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Author Topic: Defining what's tarot, and what's a non-tarot cartomancy deck/system  (Read 7340 times)
Last Login:November 08, 2009, 10:01:39 pm
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Religion: Witch. non-practicing Gardnerian. Shamanistic.
Posts: 123

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« Reply #8: November 06, 2009, 10:14:23 am »

I note, though, that all of the decks you cite as examples of difference (with the exception of Javan, which I'm unfamiliar with, and couldn't find any references to) are 78-card decks, and are very clearly variants of tarot.  They're excellent examples of just how much room for variation there is within the scope of tarot - but they don't affect the point I and others are making, that not all cartomancy decks are tarot.

I just don't think we've defined yet what could be the limits of the tarot, and thanks to this discussion, which has got me considering it, I'm wondering whether there truly are any beyond "structured card deck with symbols designed for divination."

Consider: we have Renaissance Italian decks was no fixed number of majors, and no fixed idea--many had city architectural sites within them.  We have French 18th century decks that aside from the majors are to all intents and purposes simply playing cards.  When do the elements start defining the minors, and the archetypes start defining the majors?  The mid-to-late 19th century.  I'm feeling as though if we remove the 19th century's take, we're back to a point where there's no good reason to have 78 cards, or 4 suits, or court cards.

I'm not suggesting this would be anybody's preferred type of deck.  I'm not the kind of person who would go around telling people what they should do--quite the opposite.  So when people tell me what a tarot deck must have, I ask myself, why?  If tradition is our guide, then tradition shows us a pre-19th century definition of tarot much broader than the one that's used, today.  If we don't use the past as a definition of what the tarot physically is, then what are we to use?  I'm not arguing, here: just asking.

When an artist decides to apply a different theme/storyline to the major arcana, to add cards to the majors, to re-order the majors, to rename the suits, etc, they're creating variations on the broader theme that is tarot - in all those cases, they're starting with pre-existing tarot structures and making changes to that.  When an artist chooses to devise a deck that doesn't rely on existing tarotic structures, it's not tarot.

The catch point for us all, I suspect, is what each of us who really thinks about it means by those structures.  If we accept the Renaissance Italian and 18th century French decks, then the tarot can include 1) minors that are just pips, 2) majors that include local landmarks which "mean" nothing for divination purposes.  What I'm getting at is that neither is conducive to divination, because what we now call tarot decks were before the 19th century not used for divination.  So do we limit ourselves to an historical starting point for defining tarot tradition with the 19th century?  And if so, must we use card attributions derived from the GD and other contemporary systems?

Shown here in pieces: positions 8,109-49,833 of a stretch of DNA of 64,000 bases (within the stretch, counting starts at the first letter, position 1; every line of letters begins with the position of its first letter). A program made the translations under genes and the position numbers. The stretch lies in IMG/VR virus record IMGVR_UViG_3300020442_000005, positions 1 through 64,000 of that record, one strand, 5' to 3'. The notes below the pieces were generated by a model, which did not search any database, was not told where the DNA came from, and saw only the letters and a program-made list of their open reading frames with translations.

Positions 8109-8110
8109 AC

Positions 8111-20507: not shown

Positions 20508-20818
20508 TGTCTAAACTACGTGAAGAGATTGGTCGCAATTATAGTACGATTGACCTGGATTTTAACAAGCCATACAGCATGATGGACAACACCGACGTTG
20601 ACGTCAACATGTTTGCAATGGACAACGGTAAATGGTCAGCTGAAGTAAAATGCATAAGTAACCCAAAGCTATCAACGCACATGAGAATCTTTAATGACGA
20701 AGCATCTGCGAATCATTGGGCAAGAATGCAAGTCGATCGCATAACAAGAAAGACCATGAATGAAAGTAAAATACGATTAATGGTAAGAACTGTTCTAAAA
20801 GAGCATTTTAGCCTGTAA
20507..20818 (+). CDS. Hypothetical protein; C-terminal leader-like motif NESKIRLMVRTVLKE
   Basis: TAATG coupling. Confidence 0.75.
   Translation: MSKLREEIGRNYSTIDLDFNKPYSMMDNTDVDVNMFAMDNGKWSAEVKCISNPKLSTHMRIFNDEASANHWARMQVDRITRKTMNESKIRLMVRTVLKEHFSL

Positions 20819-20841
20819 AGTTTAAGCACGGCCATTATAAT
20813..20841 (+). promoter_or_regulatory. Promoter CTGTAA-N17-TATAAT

If not, what's to stop us from calling a tarot an attribution system with 5 suits, as in the Chinese medical system?  Okay: here's a non-physical tarot in my non-physical hands that's just like that.  What stops it from being a tarot?  It's got 8 majors for the 8 Immortals, and the suits employ cards based on the I Ching tetragram combinations.  (I'm just winging the creation of this, so please don't be offended by my non-existent deck's superficiality.)  There are even court cards, based on revered figures of Chinese bureaucracy and mythos.  (The Chinese are kind of...unusual in their love of well-oiled bureaucratic machines.  At least, to us.)  It looks to me as though this is a tarot deck.  But with 5 suits, is it?

(Possibly another criterion for whether a deck is tarot or not might be whether it can be used to play a trick-taking game of the sort for which tarot cards were traditionally used.  I don't think it'd be necessary for it to be a game that's interesting/entertaining to play, for a deck whose primary purpose is divination, but it should have viable game mechanics.)

I seem to recall reading a GD paper (in Regardie's GD stuff published by Llewellyn, back when Llewellyn published real information Wink ) about a game you could play using the tarot.  I admit though that for me, one of the deciding factors on what makes a deck "real" is if I can use the cards for pathworking.  One reason I tend to gravitate towards self-enclosed tarot universes, and find RW clones so boring.  Though I also admit I have far too many of the latter, because I'm a sucker for good art and symbols. Smiley

This is probably more detailed info than you needed, Balakirev, but I got to thinking that this convo was an excellent springboard for a conversation about defining tarot.  In fact, I think I won't hit post, I think I'll copy this and paste it to a new thread.

The new thread was a great idea. Smiley And it really isn't too much information, because I think we can do one of two things: either state respective immutable positions on the tarot, for greater understanding, or see if our positions are mutable, and whether it's worth exploring where the boundaries of the tarot may lie.  Personally, I'm up for either, or both.  I do hope you (and others, here!) are interested in figuring out what makes a tarot, tarot.


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